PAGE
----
Amie came to Mercy Hospital to deliver her third child. She had recently moved to Bo and discovered Mercy because of its well-known prenatal program. She was registered in the program and received critical care before delivery.
Her birth was normal and all seemed well. Soon after birth, her brand-new baby boy was suddenly unable to breathe. Mercy maternity staff sprang into action and were able to successfully resuscitate the baby. Amie says, “Mercy really did a wonderful job for me. Without them, my baby might have died. I am so grateful.”
Mother and baby are doing well and will be discharged tomorrow.
Leaders from medical facilities affiliated with the Sierra Leone Conference of the United Methodist Church recently met in Bo to collaborate their efforts to serve the community. District Medical Officer Dr. Turay invited Mercy Hospital Matron Augusta Kpanabum to do a presentation on cervical cancer screening and its importance for all women of child-bearing age. VIA, visual inspection with acetic acid, is a low cost, very effective technique for identifying precancerous cells, saving women from full blown cervical cancer. The Mercy staff uses a technique taught to them by HCW Board member Dr. Carol McIntosh in October 2016.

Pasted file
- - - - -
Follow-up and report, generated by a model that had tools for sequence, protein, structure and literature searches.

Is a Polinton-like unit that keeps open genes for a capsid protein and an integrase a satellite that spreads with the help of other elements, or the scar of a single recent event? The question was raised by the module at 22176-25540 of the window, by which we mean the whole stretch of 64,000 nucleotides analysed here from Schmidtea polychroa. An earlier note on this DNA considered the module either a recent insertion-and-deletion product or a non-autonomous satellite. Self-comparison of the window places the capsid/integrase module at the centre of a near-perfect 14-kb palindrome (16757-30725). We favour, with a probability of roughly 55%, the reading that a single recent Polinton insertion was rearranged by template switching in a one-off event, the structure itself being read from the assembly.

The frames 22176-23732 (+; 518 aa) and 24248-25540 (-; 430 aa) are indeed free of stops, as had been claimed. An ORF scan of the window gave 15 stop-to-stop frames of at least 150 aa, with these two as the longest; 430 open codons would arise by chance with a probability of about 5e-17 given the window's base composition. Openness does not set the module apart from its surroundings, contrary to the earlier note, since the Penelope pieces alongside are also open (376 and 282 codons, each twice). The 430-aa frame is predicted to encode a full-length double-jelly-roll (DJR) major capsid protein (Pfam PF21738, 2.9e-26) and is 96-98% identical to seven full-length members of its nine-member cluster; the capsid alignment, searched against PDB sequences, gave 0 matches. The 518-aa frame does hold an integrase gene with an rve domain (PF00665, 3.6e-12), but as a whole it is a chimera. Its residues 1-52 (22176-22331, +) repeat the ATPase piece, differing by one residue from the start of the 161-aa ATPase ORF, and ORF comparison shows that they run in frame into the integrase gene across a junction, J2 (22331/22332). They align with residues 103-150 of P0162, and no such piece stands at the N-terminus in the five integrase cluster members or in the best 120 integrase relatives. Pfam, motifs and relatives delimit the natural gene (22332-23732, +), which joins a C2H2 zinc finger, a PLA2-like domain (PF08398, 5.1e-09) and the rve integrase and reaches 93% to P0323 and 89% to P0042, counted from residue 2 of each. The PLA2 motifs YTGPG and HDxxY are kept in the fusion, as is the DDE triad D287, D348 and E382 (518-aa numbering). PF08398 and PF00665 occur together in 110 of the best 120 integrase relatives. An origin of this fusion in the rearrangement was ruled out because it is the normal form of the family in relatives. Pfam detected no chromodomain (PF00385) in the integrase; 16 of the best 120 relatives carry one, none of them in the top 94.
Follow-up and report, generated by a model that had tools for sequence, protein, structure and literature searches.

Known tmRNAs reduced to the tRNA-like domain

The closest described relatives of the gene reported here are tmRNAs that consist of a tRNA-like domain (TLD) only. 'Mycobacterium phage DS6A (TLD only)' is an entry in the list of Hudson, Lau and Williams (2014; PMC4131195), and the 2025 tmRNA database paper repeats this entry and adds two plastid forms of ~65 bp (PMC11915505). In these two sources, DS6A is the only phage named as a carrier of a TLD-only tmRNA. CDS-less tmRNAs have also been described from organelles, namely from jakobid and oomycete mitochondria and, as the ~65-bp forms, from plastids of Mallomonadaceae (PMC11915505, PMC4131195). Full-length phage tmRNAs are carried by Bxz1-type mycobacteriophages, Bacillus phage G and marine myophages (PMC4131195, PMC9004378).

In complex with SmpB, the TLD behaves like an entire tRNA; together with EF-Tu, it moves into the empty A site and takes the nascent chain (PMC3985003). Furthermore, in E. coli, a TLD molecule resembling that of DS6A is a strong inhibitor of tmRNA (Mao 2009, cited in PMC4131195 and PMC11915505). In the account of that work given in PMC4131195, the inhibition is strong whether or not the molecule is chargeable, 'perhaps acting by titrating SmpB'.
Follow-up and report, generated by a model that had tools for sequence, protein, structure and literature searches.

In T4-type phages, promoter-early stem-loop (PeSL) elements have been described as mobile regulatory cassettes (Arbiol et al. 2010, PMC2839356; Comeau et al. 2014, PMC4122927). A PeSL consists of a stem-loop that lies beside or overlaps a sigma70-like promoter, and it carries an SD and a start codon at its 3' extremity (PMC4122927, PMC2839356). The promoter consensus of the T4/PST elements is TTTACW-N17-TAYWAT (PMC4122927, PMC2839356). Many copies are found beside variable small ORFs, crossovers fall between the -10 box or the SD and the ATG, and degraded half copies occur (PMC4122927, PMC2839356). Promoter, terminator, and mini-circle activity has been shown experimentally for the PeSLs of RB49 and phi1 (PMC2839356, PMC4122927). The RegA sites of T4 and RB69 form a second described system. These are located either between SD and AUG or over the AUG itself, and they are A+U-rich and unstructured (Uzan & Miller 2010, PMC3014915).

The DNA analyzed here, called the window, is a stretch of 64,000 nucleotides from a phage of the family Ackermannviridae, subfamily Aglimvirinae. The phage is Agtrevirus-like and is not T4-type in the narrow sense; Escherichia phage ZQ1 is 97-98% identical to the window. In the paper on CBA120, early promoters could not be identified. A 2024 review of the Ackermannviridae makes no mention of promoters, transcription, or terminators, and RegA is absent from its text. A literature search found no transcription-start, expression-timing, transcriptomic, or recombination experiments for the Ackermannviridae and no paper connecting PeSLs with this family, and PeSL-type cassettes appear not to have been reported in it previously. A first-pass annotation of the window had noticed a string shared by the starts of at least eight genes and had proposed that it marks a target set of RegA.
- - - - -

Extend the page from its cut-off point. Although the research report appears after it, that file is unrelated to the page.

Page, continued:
Mercy now offers free VIA screening on Fridays, and treats women found to have precancerous cells with cryotherapy. As a result of the Bo district meeting, Mercy Hospital has been identified as the referral health centre for VIA screening and treatment in Bo.
Mercy Lab was recently given the gift of a small refrigerated unit that has been specially modified to safely store blood bags at the required temperature. This generous donation from the Naval Research Laboratory will allow Mercy to store blood for up to two weeks.
Technology like this is not very common in Sierra Leone, and most hospitals are unable to store blood at all. In the past, Mercy was unable to store blood, so whenever a patient required a transfusion it would take a long time to locate an acceptable donor and transfusions needed to happen immediately.
The hope is that Mercy can find a way to start a blood bank so that emergency cases will no longer go through a stressful wait to receive treatment. This will be especially critical once the OR opens.
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